Their rooms are filled with paraphernalia, and their costuming even reflects their chosen schools, red and blue. These are very top-level dreams and goals, but a twist during the film renders them feeling lost and questioning if Ivy League schools — and college — is the only way to be successful, despite years of teachers and society telling them it is. (It isn’t, and it is important for you to remember that).

It is this uncertainty about the future which is so real and palpable that makes this film so special.

The film sounds formulaic, and it depicts a very specific type of teenager, but uncertainty about the future and life after high school is something which feels universal.

It’s a very valid concern, as teenagers are forced to make life-defining decisions at 17, and for those who have it all planned out, any faltering off course can spin into a panic.

The High School Experience

At one point during the film, Bennett asks Lona how many football games she has been to, how many parties, if she ever goofed off in class or passed notes.

Having done none of these things, Lona asks “Is that high school to you?” Bennett replies, “I don’t know, I was too busy with homework, tests and debate.”

Here’s the thing. When it comes to what it means to be a teenager and the high school experience, teen films and stories about being a teenager always come up with the same images; wild high school parties and wild romances, Friday nights with your best friends, driving around all night and getting up to shenanigans, school dances, football games.

As these beats occur over and over again, these images become the accepted ideal of what it means to be a teenager. It’s enough to make you think that if you didn’t do any or all of these things, you doubt if you have ever really been a teenager at all.

As if being a teenager isn’t full of enough anxieties and pressure! Now we gotta worry about whether we did it right?

How To Be A Teenager

Of course, the idea of there being a universally accepted way of being a teenager is bullshit. It took me a while to realise this.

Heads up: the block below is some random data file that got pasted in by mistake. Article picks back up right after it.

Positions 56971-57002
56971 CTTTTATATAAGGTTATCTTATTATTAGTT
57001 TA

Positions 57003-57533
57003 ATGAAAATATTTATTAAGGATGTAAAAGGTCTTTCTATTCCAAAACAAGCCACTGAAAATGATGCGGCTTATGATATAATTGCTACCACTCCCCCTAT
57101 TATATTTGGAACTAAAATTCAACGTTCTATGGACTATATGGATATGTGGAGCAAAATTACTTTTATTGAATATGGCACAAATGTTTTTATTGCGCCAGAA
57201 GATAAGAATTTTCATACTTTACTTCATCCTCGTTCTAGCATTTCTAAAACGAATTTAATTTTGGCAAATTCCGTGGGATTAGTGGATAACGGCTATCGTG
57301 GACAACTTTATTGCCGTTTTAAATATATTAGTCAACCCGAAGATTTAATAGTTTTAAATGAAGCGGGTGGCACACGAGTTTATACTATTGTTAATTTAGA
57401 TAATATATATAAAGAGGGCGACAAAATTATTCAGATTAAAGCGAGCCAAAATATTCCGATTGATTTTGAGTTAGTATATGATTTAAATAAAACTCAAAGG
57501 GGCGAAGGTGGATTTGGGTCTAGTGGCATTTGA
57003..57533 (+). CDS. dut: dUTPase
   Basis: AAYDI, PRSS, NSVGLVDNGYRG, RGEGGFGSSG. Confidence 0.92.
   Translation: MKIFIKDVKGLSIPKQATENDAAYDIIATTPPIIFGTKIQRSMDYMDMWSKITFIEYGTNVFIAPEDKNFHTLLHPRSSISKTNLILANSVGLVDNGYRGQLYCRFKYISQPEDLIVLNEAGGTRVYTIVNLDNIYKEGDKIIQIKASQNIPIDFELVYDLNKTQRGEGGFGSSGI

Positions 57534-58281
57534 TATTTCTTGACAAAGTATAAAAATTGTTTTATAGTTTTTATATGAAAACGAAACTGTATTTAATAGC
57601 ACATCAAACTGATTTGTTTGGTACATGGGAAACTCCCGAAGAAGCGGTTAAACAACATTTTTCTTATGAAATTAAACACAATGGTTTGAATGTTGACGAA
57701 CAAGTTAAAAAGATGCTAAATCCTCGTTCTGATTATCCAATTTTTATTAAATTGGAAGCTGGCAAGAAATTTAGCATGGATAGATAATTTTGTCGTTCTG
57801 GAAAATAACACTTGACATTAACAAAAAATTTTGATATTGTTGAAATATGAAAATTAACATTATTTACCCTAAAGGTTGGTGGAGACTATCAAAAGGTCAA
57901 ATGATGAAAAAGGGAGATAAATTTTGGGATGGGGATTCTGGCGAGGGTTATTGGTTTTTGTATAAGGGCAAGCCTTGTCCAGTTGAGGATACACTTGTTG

There are so many different ways to be a teenager. No one experience is the same, especially when it comes to breaking away from the cishet white norms.

However, what makes us come back to teen films time and time again, are the ways they can accurately articulate the emotions of adolescence.

Whether or not we did high school or being a teenager right is one of them. Another is the uncertainty of the future. When they get it right is hits hard, because hey now, you’re not alone! You’re not the only one who feels this way! It’s comforting, satisfying, nostalgic.

Seeing yourself on screen is powerful stuff, especially during the identity-forming years of adolescence.

Teen Screen

In this column, I’m going to write about all the different ways to be a teenager, as shown in teen screen of all kinds.

Before we go forward, here is my definition of teen screen: a film or television show about teenagers and adolescence, to be discussed for what they say about adolescence and their representations.

Whether it be revisiting old favourites, interrogating what’s new, celebrating those which diversify what we see on screen, or questioning why there always seems to be a pool in coming-of-age movies, I hope we have some fun exploring these films which help us grow up.

Claire White is a writer/bookseller based in Melbourne. She is a Teen Screen Tragic/Scholar, wrote a thesis about on-screen depictions of girlhood, and dyed her hair red to be like Molly Ringwald. Find her on Twitter @theclairencew.

Teen Screen is Junkee’s column on youth in TV and film, by Claire White.